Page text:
Heart & Soul
Richard Augustin 
The new Tucson boasts a sleek and imposing exterior from front to end

The Hyundai Tucson has been around since 2004. You probably wouldn’t have noticed it because, truthfully, it looked rather bland. As far as SUVs go, it was pretty forgettable.

It is to Hyundai’s credit that it has actively gone and changed that perception, taking more than a decade to fine-tune the car. The result is the third-generation Tucson, which was launched here earlier this year by Hyundai-Sime Darby Motors.

The new Tucson serves as the Korean brand’s contender in the increasingly competitive compact SUV segment. With such a crowded marketplace and choices from both the Asian and European continents, Malaysian buyers are certainly spoilt for choice, especially when they all come with great features, styling and enticing prices.

Hyundai Tucson offers pretty much the same but there are definitely elements that help it to give its more established rivals a run for their money.


Vastly-improved looks

Big. Bold. Sharp. Hyundai designers have done their homework and delivered an SUV that is both stylish and rugged.

The Tucson, with its large signature radiator grille, streamlined body lines and sporty rear, exudes an air of European masculinity. The addition of projector LED headlights and revised 17-inch alloys further add a dash of style.

In terms of design, the Tucson is handsome, and it will look equally good both off-road and in the city, a quality that is not as present in most SUVs today.


Functional interior

Designed with practicality in mind, the Tucson cabin is clean, unassumingly spacious and functional. The dashboard design, in particular, is uncluttered with knobs and switches within easy reach.

The addition of an electric parking brake further adds a touch of modernity and frees up space along the centre console as well. The build quality is good and a step up from previous models, which will surely go down well with today’s urban drivers.  


Spirited engine

The Tucson is available in three variants in Malaysia – 1.6-turbo, 2.0L petrol and 2.0L diesel. Of the three, the 1.6L model seems to be the most enticing from both value and performance. At RM10,000 cheaper than the 2.0L variant, the 1.6 turbo sports a turbocharged and direct-injected T-GDI petrol engine that produces 175 hp and 265 Nm of torque.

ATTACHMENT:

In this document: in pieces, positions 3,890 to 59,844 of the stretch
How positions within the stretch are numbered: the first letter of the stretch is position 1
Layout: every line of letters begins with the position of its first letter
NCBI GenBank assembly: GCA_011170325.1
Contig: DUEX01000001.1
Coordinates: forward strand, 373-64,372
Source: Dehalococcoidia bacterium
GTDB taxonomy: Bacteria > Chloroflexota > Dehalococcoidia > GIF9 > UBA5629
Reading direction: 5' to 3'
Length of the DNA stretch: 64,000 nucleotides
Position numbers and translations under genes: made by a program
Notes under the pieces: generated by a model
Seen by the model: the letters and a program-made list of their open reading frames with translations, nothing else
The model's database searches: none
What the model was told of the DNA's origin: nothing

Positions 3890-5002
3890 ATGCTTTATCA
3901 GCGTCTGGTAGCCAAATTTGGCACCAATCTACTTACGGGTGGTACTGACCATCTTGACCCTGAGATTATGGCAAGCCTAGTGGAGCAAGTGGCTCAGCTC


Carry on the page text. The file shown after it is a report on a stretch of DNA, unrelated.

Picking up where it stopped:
Paired with a seven-speed dual-clutch transmission, power is driven through the front wheels. Despite its size, the turbo mill powers the Tucson effectively and efficiently with no compromise on power. In the event that a little more oomph is required, drivers can easily access the drive mode system and switch the car into Sport mode. 

The cabin has been redesigned to include an electric parking brake

Packed with extra features 

The standard for SUV has certainly risen in the past few years and automakers need to keep up to stay relevant. Hyundai has fortunately done so and remains competitive against its rivals by constantly improving its features.

The Tucson is no different as it comes with a number of features that have added value to the model. New to the SUV is a useful front camera, which comes in handy in parking and negotiating tight spots. The kit list also includes cornering lights, a brake Auto Hold function and a smart powered tailgate system.

Standard equipment includes front and rear fog lights, keyless entry, push-button start, rear air-con vents, an eight-way power-adjustable driver’s seat and a 4.2-inch TFT LCD multi-info display. The rear camera view screen is also housed within the rearview mirror, which eliminates drivers having to take their eyes off the mirror when reversing.

In terms of safety, the Tucson 1.6 T-GDI comes with six airbags, ESC, vehicle stability management, hill start assist, hill descent control, ABS with EBD and brake assist and Isofix rear child seat anchors.


A good choice but…

Despite the good looks and excellent drivability, the Tucson still has to battle public perception of its maker. Hyundai still needs to do a bit more marketing to convince a majority of buyers here who tend to gravitate towards Japanese SUVs.

Globally, Tucson is doing super well, registering encouraging numbers in numerous markets. We may well see that happening in Malaysia but for now, the marque still has a long way to go to convert the general mindset. We can certainly see a lot of appeal in this Tucson, which could help it achieve this goal.

Gamma 1.6-litre Turbo GDi
2-Wheel Drive
Transmission: 7-Speed Dual Clutch
Max Power:
177 PS @ 5500 rpm
Max Torque:
265 Nm @ 1500-4500 rpm
Fuel Consumption:
On-the-road price (without insurance): RM145,688 

This article first appeared in Focus Malaysia Issue 261.